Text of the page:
“I remember when we had the attack in Manhattan, we opened the stock exchange the next day. People were shocked.”
— President Trump, remarks at National FFA Organization Convention, Indianapolis, Oct. 27, 2018
“With what happened early today, that horrible, horrible attack in Pittsburgh, I was saying maybe I should cancel both this and that. And then I said to myself, I remembered Dick [Grasso], a friend of mine, great guy, he headed up the New York Stock Exchange on September 11th, and the New York Stock Exchange was open the following day. He said — and what they had to do to open it you wouldn’t believe, we won’t even talk to you about it. But he got that exchange open. We can’t make these sick, demented, evil people important.”
— Trump, remarks at a campaign rally in Murphysboro, Ill., Oct. 27
“Remember the teams, the Yankees, George Steinbrenner. He said we have got to play, even if nobody comes, nobody shows up, we have got to play.”
— Trump, a few minutes later
This fact check has been updated
Memories are fallible, even for presidents. This is why they are supposed to have staffs who help make sure they stick to the facts and, if they get it wrong, make sure that the misstatements are corrected.
President Trump is not an ordinary president, and apparently he does not have a typical staff. So, in an effort to justify holding a campaign rally after 11 people at a synagogue were gunned down in Pittsburgh, the president twice referenced an event that did not happen.
This will be a very short fact check.
The attacks of Sept. 11, 2001, struck at the heart of New York’s financial district, destroying the twin towers of the World Trade Center. Is it possible that the New York Stock Exchange, located just blocks away, quickly reopened the next day?
The NYSE and even the over-the-counter Nasdaq exchange never opened for trading the morning of the attacks and were closed until Sept. 17 — the longest shutdown since 1933. Other stock markets around the world were closed as well. It’s easy to figure this out using Google. There’s even a whole Wikipedia page.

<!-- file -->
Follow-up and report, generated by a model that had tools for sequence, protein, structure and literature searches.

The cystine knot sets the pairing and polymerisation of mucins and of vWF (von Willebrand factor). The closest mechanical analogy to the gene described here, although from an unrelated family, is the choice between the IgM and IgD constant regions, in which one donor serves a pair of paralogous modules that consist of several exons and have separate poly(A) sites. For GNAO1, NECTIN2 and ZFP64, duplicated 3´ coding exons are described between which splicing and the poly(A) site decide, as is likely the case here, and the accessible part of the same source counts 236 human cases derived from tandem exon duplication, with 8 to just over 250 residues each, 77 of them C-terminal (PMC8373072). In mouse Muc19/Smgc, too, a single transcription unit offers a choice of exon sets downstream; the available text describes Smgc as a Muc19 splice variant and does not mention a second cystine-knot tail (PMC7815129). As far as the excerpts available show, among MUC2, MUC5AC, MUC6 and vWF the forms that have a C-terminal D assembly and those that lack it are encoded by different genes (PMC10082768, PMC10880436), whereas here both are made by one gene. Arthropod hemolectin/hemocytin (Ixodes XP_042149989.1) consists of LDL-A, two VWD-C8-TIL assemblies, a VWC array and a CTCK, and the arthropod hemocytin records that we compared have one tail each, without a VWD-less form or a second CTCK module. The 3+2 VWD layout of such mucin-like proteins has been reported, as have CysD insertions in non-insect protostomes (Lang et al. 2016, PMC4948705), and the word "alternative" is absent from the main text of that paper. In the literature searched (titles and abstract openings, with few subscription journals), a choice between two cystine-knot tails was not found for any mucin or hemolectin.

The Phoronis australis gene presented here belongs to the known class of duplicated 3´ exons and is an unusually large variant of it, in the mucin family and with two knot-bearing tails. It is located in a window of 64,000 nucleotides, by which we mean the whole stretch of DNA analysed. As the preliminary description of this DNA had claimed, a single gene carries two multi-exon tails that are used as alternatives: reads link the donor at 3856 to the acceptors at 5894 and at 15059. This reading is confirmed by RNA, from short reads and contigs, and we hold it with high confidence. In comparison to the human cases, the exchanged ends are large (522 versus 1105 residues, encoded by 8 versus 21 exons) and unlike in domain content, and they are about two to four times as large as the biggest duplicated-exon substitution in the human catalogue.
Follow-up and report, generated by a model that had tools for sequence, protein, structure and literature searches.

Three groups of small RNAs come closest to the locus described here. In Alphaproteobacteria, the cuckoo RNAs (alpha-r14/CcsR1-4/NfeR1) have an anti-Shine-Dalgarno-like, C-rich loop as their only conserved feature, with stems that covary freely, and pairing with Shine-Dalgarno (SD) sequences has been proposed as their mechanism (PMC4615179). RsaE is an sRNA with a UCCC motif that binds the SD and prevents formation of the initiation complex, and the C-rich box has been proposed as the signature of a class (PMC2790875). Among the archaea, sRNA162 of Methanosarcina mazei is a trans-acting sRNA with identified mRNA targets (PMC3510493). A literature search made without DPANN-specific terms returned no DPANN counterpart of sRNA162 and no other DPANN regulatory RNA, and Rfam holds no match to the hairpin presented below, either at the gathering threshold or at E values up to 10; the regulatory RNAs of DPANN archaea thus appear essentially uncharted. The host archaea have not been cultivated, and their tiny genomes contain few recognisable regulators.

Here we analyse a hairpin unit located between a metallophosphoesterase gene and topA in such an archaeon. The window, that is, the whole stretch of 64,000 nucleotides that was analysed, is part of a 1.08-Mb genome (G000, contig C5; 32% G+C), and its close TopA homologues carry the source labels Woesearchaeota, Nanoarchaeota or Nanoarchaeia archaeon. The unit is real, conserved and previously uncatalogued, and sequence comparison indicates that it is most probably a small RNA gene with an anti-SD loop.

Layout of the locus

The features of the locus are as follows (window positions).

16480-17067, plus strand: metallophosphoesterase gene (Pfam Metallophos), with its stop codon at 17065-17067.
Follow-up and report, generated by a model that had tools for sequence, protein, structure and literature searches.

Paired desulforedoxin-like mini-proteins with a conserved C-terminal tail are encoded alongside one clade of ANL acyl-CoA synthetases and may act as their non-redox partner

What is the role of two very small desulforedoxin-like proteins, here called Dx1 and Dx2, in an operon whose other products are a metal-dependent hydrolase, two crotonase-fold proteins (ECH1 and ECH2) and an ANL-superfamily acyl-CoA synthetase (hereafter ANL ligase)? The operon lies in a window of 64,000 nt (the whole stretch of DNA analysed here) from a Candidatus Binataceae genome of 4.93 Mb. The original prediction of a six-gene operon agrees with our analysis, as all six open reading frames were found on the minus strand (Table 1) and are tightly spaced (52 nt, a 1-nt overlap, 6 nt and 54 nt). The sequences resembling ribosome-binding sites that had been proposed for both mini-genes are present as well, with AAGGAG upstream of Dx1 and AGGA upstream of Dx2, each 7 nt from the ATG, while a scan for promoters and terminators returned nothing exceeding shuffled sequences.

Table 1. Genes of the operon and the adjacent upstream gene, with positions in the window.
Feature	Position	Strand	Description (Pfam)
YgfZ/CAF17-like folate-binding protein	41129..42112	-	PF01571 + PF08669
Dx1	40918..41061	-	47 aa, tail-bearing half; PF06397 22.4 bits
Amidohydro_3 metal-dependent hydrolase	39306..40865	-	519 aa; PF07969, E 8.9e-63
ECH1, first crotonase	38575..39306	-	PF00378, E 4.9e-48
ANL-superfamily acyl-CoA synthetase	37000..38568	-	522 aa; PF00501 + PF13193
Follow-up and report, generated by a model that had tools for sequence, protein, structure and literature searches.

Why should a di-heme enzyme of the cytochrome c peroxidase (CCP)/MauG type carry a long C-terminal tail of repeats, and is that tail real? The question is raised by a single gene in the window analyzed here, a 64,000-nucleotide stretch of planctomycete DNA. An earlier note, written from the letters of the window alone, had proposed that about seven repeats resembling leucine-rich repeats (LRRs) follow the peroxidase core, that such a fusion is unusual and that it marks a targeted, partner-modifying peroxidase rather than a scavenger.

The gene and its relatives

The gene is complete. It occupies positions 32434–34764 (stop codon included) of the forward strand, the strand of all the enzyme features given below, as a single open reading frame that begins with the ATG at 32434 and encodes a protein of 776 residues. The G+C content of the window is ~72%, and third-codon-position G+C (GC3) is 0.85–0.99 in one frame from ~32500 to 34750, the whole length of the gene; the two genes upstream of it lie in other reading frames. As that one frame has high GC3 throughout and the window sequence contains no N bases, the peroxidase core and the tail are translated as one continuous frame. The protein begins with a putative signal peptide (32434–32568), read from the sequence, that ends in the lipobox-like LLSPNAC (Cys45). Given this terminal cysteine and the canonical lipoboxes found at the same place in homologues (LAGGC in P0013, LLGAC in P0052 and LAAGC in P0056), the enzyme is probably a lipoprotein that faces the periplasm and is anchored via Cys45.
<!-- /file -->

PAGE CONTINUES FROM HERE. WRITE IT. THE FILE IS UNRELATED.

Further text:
The market plunged 7 percent that day, but the fact that things went smoothly was hailed as an achievement.
Just two years ago, the Wall Street Journal celebrated the reopening on its 15th anniversary with the headline: “9/17/01: Wall Street’s Proudest Day. A Look Back on the Reopening.”
“The reopening had both financial and psychological significance for the country,” the WSJ said. “In fact, it was Wall Street’s proudest day. The 9/11 attacks in New York were just blocks from the New York Stock Exchange, and getting the markets to reopen was a round-the-clock effort, even as workers grieved for those who died. The market closure itself was the longest in nearly 70 years, and it was certain that there would be heavy trading and a stock drop when trading resumed.”
While Trump appeared to remember “Dick Russell, a friend of mine, great guy,” as reopening the exchange, it was actually Dick Grasso, at the time chief executive of the NYSE. Grasso appeared on Fox News just a few weeks ago, on Sept. 11, to recall the reopening. Dick Russell was a senator from Georgia, known as a fierce defender of segregation. (Update: When we listened to the video the night of the speech, it sounded like “Russell,” which was also how it was rendered in the transcript. But some readers said it sounded like “Grasso” to them. Listening to it again, that’s possible but it’s hard to tell with crowd noise. But it certainly makes more sense for Trump to have said Grasso. We have updated the transcript to say Grasso.)
Trump also implied that baseball did not pause for the attacks but started playing games as soon as possible. But the games were canceled that night — and then for the rest of the week. Professional baseball also did not start up again until six days later, on Sept. 17. The whole baseball season was pushed back a week.
We asked the White House for an explanation but did not get a response.
The Pinocchio Test
There are many reasons the president might have wanted to have continued with a campaign rally. But conjuring up a phony story about the stock exchanges and baseball after the Sept. 11 attacks is not a valid one. We can possibly understand one mistake, but not that it was repeated hours later. Is there no one on his staff who will dare tell him that his memory is faulty?
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